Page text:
# how many integers between $1000$ and $9999$ is the sum of digits equal $11$ [closed]

I have already known that all cases is $$\binom{13}{3}$$, but I don' know how to handle the bad cases, such like putting $$10$$ objects in the first box.

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• Do you know about generating functions? – Toby Mak Apr 22 at 5:43
• yes, but I dont know how to find the bad cases. – HYN Apr 22 at 5:54
• Welcome to MathSE. You should explain how you showed that there are $\binom{13}{3}$ cases in which the digit sum is $11$ before those cases in which a digit larger than $9$ is excluded. The way you wrote your answer, I initially thought you were claiming that there were $133$ such cases. This tutorial explains how to typeset mathematics on this site. – N. F. Taussig Apr 22 at 9:09

## 1 Answer

HINT

The numbers involved are simple enough that you can just manually count and exclude all cases where there are $$10$$ or $$11$$ balls in one box. (It is simple mainly because you cannot have two or more boxes each with $$10$$ or $$11$$ balls, so you don't need inclusion-exclusion.)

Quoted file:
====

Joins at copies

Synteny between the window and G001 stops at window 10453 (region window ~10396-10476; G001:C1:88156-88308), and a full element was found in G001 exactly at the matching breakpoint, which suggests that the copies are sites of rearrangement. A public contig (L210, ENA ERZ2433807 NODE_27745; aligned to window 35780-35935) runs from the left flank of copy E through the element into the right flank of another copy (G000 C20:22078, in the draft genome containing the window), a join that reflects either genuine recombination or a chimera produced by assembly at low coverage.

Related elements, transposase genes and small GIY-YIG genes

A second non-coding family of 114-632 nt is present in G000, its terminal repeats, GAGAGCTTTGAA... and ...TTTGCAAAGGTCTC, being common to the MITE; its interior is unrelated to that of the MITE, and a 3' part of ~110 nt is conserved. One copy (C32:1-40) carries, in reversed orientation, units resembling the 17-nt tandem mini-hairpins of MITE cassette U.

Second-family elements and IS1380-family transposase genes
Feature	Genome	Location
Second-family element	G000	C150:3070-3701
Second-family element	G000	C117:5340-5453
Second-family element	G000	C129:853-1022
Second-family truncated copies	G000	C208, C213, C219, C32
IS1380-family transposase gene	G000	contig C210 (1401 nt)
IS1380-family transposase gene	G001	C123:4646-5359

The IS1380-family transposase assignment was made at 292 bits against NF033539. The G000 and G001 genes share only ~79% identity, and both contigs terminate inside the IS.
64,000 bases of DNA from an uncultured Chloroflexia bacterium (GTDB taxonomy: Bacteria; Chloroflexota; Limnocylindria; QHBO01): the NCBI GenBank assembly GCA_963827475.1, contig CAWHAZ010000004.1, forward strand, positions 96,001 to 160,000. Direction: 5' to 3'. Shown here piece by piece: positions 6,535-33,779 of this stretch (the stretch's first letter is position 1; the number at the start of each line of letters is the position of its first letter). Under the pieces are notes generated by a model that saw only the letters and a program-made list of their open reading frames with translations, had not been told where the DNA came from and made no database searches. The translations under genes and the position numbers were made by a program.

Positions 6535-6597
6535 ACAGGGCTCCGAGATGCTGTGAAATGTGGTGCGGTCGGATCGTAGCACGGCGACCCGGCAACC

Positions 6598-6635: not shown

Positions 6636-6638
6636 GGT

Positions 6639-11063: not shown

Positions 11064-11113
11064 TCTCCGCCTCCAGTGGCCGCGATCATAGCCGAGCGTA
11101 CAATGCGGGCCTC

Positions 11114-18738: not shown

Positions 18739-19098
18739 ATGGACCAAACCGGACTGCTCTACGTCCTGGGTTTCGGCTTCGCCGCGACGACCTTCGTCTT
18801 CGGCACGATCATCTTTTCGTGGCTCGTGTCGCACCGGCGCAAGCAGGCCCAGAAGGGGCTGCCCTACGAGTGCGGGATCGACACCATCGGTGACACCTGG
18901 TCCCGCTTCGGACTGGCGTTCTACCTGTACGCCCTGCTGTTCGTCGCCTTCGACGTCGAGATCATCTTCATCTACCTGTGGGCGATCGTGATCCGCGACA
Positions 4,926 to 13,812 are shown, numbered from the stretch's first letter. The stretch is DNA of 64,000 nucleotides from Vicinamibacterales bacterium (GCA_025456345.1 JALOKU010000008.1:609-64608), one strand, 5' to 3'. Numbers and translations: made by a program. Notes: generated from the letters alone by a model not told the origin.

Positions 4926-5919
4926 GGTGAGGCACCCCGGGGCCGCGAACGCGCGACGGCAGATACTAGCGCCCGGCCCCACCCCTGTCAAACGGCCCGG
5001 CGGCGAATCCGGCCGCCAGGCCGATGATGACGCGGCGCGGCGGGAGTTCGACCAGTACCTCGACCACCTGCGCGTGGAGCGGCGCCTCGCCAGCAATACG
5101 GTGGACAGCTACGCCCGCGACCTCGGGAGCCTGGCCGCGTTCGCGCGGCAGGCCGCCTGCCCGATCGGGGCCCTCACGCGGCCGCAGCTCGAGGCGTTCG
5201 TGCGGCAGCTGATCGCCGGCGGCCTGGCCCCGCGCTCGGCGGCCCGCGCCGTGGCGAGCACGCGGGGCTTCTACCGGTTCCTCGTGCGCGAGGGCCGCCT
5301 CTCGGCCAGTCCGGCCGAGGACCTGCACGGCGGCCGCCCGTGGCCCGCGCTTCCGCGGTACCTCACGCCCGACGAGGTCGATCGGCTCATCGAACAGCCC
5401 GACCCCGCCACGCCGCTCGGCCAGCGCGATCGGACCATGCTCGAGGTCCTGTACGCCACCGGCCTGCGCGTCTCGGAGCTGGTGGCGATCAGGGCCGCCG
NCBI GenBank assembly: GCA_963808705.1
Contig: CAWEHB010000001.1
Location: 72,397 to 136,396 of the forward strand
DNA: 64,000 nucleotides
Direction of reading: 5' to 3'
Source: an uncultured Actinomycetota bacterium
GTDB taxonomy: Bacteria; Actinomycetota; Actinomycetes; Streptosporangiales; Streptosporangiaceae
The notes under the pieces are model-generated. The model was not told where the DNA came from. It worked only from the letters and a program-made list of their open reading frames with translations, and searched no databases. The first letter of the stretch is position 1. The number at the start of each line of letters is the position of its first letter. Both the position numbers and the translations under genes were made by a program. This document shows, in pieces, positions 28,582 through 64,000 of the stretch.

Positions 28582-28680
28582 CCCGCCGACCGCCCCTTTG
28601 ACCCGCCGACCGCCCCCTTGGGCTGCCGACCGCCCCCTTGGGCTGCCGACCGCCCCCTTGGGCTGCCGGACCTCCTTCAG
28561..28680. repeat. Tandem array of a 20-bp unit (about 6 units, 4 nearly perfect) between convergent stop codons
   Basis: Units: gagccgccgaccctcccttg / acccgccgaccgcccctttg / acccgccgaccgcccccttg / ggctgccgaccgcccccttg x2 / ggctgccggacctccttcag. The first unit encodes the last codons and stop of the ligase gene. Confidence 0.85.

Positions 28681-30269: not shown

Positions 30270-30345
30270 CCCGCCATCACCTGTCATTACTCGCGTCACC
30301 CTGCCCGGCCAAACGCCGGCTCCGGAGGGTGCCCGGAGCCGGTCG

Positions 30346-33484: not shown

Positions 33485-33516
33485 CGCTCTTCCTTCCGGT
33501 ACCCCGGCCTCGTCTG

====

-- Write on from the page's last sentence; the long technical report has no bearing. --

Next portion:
Thanks to @N.F.Taussig for pointing out some subtlety I didn't realize. Since the first digit is non-zero (first box has a ball), there is only $$1$$ way to put $$11$$ balls in one box. And to have $$10$$ balls in one box, either that's the first box (and the last ball can be in any other box), or the first box contains $$1$$ ball and the $$10$$ balls are together in some other box.

• so how many cases where 10 balls in one box and how many cases where 11 balls in one box. Thanks – HYN Apr 22 at 13:03
• (A) How many cases where $11$ balls in one box? There are $11$ balls, they all go in one box, and there are $4$ boxes, so... (B) If $10$ balls in one box, then the leftover one is in another box, so... – antkam Apr 22 at 13:24
• Be careful. Since the leading digit must be at least $1$, it is only possible to place $11$ balls in the first box. The remaining boxes can have at most $10$. – N. F. Taussig Apr 22 at 19:11